The latest release of QEMU STM32 includes the following features. Note that only basic functionality may be provided - there will inevitably be features (especially uncommon features) that are not emulated. I have included links to the relevant commits or files.
- Built on top of QEMU version 2.1.3
- Basic STM32F1 microcontroller with the following peripherals:
- Changes to core QEMU functionality (in ARMv7 code):
- The stm32_p103_demos project contains demos that run in this emulator.
The Pebble Smartwatch also has a QEMU emulator with STM32 functionality (it was originally based on the QEMU STM32 project). It is located at: https://github.com/pebble/qemu . While I have not tried the Pebble emulator, it seems quite extensive, with more peripherals (e.g. I2C and SPI) and the ability to emulate different STM32 families. UPDATE: The company that developed Pebble has shut down, and I am not sure if anyone will continue to work on the Pebble emulator.
August 15, 2018
July 24, 2018 The following changes have been added in the stm32 branch, though not yet included in a release.
- Added Dockerfile to build a container with qemu_stm32 binaries and examples from stm32_p103_demos. Thank you to glatard for submitting this.
- Fixes to the RTC interrupt handling. Thank you to slaviber.
- Fix build error in recent versions of perl. Thank you to benquike.
July 15, 2016
- Added IWDG peripheral implementation. Thank you to vinifr for submitting this. The peripheral is in the stm32 branch but not yet included in a release.
April 2, 2016
- Added ADC, DAC, and RTC peripheral implementations. Thank you to Hariri Yasser, Fatima Zohra Lahlou, and Jean-Michel Friedt for submitting these. The peripherals are in the stm32 branch but not yet included in a release.
- Corresponding tests were also added to the stm32_p103_demos project. The ADC demo now works (previously it only worked on real hardware).
June 6, 2015 - [Release v0.1.3] (https://github.com/beckus/qemu_stm32/releases/tag/stm32_v0.1.3)
- Added timer peripheral (thank you to hankhank for writing this)
- Merged in QEMU v2.1.3
- Fixed bugs in GPIO module (see commit for more details)
- Miscellaneous code cleanup
The STM32 implementation is kept in the “stm32” branch (the “master” branch contains the unmodified QEMU code). The “stm32” branch may contain commits that make the software unstable or perhaps even uncompilable. Therefore, I recommend that you use the latest tagged release that looks like this: “stm32_v0.x.x”. These are considered to be relatively stable, and at least minimally tested.
See the README file for more details on compilation, etc..
High level goals (in no particular order):
- Make compliant with the new QOM framework. Make use of properties as much as possible to provide visibility into the virtual machine. For example, the UARTs can have properties indicating their baud rate and configuration. Also, provide properties to be used for simulating exceptional situations. For example, the UART could provide properties used to simulate parity and framing errors. These properties provide debugging advantages over bare hardware and may even allow for automated testing.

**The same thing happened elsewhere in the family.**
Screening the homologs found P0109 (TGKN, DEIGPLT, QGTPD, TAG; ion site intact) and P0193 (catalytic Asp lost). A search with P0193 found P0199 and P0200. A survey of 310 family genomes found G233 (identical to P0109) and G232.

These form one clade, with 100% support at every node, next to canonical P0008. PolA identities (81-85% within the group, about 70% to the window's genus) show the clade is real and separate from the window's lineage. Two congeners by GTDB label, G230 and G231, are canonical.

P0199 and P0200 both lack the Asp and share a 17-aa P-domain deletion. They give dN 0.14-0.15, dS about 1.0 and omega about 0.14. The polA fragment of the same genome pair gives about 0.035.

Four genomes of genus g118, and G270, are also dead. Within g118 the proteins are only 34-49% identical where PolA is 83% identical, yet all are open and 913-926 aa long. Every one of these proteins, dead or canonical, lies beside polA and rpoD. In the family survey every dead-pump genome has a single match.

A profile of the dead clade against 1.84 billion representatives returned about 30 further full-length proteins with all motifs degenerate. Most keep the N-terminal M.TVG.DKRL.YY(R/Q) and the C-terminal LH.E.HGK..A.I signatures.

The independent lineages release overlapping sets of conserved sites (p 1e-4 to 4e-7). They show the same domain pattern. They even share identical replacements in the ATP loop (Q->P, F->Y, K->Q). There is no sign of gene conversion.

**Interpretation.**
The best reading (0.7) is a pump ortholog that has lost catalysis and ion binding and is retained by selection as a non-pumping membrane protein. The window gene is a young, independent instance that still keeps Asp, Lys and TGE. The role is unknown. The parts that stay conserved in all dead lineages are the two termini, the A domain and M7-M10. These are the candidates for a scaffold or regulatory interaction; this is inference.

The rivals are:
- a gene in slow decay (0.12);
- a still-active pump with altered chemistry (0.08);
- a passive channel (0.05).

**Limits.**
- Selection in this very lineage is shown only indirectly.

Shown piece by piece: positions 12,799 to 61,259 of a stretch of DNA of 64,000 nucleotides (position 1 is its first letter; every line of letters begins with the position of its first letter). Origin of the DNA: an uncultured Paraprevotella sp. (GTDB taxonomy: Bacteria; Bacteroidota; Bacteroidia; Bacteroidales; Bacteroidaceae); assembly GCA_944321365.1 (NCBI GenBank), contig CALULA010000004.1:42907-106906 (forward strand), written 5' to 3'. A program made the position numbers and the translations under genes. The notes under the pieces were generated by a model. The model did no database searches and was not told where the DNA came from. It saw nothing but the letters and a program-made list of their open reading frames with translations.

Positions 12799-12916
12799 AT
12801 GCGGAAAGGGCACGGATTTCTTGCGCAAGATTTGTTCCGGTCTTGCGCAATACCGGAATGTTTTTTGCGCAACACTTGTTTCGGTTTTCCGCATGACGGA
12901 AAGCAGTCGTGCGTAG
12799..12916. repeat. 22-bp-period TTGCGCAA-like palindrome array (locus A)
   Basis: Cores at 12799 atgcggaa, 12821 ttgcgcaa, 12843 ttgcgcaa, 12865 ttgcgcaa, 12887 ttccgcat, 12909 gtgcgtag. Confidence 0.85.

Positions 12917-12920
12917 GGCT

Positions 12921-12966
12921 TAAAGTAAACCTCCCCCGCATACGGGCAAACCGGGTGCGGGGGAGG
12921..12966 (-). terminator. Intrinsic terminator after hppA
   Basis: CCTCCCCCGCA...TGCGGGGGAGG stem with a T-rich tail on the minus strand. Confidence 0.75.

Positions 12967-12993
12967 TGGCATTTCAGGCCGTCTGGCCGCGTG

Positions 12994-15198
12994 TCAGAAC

- Provide complete unit testing of the STM32 implementation – if the unit tests pass you should be confident nothing is broken.
- When appropriate, modify core QEMU or add new generic components (e.g. The clock tree objects and unit testing framework). Submit these components to the main QEMU project if possible.
- Continue to add new STM32 peripherals (SPI, timers, etc.) and enhance existing peripherals.
- Add new development boards, for example the low cost STM32 discovery boards. Someone has also suggested supporting the CrazyFlie Nano Quadcopter. Also add support for the Cortex M4 architecture.
I have started a wiki page with a to-do list, much of which will never become reality.
With a few exceptions, I am not actively developing new functionality. But I do perform maintenance as I have time, including:
- Merging in patches from contributors.
- Merging in new releases of QEMU.
- Fixing defects.
- Making occasional limited changes.
- Responding to questions.
I have not yet submitted any patches to QEMU mainstream for a couple of reasons:
- This project is still in a state of flux, and I would like the flexibility to change it without going through a patch process.
- I suspect it will take some time and effort to go through the submission process - time I would rather put into the project itself. I have also made changes to the core framework, which may not be acceptable in the main QEMU branch or which will need to be modified. I don’t see much disadvantage to leaving this as a fork. That being said, there are core components that could benefit other parts of QEMU (i.e. The clock tree objects and unit testing framework) that should be submitted.
I welcome and encourage any source code contributions.
Thank you to the following people for submitting patches: